Return home

Area native earns recognition for work on human genome project

Charles Pritchard
Staff writer
email / twitter
Posted 7/2/22

Michael Schatz has come a long way from a loving family in the small rural town of Lee to becoming an expert on computational biology, and his parents couldn’t be any prouder.

This item is available in full to subscribers.

Area native earns recognition for work on human genome project


LEE — Michael Schatz has come a long way from a loving family in the small rural town of Lee to becoming an expert on computational biology, and his parents couldn’t be any prouder.

Michael was born and raised in Lee and was recently named by TIME magazine as one of its 100 most influential people alongside his team.

Michael’s parents, Bill and Joan Schatz, moved to Lee around 40 years ago from Madison, Wisconsin. The two were originally from New York, with Bill coming from Sackets Harbor and Joan hailing from Long Island. The two moved back to New York to be closer to their families and raise their children.

Bill and Joan said they knew Michael had an inquisitive mind.

“Michael was the type of child who took the vacuum cleaner apart,” Joan said.

“And we knew he was getting better at it when he was taking things apart and putting them back together without any parts left over,” Bill said with a laugh. “He had the skills to solve the puzzle.”

Michael went to Stokes Elementary School, Strough Middle School, and Rome Free Academy. He was a good student, according to his mother — and his teachers.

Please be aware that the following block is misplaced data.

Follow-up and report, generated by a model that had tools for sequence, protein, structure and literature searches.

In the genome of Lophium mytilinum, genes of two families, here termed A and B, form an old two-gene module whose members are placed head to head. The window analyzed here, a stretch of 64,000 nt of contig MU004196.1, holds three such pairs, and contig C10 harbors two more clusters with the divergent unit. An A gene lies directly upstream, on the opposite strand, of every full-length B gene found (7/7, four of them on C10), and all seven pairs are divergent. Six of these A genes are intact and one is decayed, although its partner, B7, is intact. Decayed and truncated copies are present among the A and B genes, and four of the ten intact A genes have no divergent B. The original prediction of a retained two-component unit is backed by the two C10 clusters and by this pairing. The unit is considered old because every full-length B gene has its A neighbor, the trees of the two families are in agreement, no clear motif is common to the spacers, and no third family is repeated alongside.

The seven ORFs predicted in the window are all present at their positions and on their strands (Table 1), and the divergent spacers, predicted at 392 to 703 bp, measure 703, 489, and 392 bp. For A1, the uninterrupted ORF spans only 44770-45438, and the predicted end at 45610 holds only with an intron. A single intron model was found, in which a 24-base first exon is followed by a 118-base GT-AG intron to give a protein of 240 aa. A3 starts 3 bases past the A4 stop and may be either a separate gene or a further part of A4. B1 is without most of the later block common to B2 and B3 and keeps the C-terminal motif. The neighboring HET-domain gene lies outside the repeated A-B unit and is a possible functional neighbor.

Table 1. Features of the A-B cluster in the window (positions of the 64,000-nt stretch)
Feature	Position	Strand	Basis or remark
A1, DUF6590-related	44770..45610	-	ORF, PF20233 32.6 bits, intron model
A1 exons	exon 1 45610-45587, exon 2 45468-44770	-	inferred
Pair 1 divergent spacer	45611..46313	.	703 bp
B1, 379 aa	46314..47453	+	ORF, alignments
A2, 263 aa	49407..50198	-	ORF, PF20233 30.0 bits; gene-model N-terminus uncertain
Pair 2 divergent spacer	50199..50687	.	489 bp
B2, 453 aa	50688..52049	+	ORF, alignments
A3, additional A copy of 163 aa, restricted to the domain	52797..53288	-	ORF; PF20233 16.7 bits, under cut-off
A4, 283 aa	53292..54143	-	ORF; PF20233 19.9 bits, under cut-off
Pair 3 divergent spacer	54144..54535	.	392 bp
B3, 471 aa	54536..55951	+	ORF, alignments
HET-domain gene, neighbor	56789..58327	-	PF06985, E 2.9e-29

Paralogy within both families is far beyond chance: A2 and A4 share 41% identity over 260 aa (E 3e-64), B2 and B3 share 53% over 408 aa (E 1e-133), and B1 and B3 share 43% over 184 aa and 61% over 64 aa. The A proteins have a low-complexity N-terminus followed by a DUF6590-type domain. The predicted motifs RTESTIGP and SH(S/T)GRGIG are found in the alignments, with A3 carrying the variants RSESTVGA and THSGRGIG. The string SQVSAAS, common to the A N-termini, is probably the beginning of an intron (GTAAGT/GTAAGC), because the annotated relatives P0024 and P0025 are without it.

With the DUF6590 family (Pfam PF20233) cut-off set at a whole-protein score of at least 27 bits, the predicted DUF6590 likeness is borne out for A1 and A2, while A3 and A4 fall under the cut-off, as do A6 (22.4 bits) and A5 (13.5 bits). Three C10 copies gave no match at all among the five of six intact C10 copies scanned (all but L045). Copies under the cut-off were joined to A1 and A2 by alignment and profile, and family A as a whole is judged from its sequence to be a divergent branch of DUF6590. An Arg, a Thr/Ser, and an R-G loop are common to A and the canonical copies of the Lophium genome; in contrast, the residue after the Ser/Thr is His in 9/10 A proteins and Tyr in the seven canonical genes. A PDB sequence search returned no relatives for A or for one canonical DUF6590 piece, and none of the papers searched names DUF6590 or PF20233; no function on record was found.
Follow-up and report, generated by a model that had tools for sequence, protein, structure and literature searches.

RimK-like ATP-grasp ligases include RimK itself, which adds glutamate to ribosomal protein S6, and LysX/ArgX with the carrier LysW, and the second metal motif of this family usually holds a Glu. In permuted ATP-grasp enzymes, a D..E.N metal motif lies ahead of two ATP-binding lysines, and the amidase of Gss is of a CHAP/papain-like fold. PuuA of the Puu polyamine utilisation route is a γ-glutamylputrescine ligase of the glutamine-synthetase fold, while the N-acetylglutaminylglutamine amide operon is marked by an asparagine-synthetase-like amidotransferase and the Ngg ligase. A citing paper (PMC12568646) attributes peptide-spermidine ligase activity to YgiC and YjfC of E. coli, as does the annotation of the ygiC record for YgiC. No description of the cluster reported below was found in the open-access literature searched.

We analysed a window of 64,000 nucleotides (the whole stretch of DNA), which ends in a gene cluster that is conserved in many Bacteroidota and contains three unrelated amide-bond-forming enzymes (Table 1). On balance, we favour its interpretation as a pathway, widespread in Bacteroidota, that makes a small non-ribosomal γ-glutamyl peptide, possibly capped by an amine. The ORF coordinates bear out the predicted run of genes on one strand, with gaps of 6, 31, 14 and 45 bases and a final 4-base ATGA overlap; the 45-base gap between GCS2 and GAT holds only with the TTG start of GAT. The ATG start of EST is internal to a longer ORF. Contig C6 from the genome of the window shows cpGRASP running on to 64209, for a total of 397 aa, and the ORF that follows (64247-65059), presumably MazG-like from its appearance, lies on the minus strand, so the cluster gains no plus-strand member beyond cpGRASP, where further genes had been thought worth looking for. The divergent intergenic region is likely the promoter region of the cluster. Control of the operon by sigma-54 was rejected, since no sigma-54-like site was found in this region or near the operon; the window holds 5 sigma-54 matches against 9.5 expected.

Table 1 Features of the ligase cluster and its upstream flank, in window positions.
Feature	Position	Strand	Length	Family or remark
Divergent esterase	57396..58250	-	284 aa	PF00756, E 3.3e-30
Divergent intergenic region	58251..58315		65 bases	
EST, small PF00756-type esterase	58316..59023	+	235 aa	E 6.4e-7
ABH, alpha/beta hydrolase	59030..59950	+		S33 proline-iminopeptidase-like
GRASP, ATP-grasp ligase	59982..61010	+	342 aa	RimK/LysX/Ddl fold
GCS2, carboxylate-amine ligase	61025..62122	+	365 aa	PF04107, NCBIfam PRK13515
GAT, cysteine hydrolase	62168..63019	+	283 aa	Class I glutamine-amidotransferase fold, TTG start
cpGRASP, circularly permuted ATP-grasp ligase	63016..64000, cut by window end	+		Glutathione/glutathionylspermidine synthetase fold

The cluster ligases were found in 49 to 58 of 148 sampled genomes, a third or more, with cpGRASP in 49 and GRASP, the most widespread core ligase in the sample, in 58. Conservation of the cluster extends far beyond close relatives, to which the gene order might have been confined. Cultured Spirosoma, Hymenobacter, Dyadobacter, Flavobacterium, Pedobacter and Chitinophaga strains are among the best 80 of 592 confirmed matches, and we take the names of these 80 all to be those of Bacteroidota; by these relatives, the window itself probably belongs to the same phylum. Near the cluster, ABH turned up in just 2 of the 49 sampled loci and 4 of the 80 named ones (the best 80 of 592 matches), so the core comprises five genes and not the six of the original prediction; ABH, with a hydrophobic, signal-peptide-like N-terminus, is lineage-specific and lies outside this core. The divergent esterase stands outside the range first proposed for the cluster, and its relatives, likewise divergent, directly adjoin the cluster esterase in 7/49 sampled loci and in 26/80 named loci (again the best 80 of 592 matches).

“All his former teachers who have heard he’s gotten this award have said that he got this award said they’re not surprised,” Joan said. “He was always interested in computers, and the Rome School District had a lot of opportunities. When he was in fifth grade, he went to Computer Camp. And at Strough, the librarian there let him have a lot of access to the computers — and that was in the early days of the computer.”

Joan said she was very thankful for the Rome School District for their programs and teachings that helped nurture Michael’s passion. “He had a very good foundation and took advantage of everything they had,” she said.

Bill and Joan that Michael taught himself, spending money on computer books at the local bookstore to learn something new. “I was always interested in computers and how they worked,” Michael said. “I was not that interested in games. I wanted to learn how the computer and the operating system worked.”

After high school, Michael set his sights on Carnegie Mellon University in Pennsylvania. “I didn’t know exactly what I wanted to do, but I knew I was interested in software and computing,” Michael said. “My first job after college was in computer security. And that involves developing codes and breaking codes. That actually turned out to be perfect training for looking at genetic codes.”

Michael’s work took place during 2001, which was during the tech bust. It wasn’t a financially secure company, and as people started looking for a new horizon, Michael found his way through a colleague.

“Someone at the company went into digital genomics, and they knew it was a very exciting time to work on it. And that individual had a background in biology and computer science, so he went to The Institute for Genomic Research and recruited me,” Michael said. “When I started, it was just like a normal software engineering position. But then I quickly realized all of the great problems and the wealth of data.”

Computational genomics is the use of computational and statistical analysis to decipher biology. Software is developed to help analyze, compare, measure, and more.

The Institute for Genomic Research was a non-profit genomics research facility located in Maryland. It’s now the J. Craig Venter Institute. Michael is now a Bloomberg Distinguished Professor of Computer Science and Biology at John Hopkins University.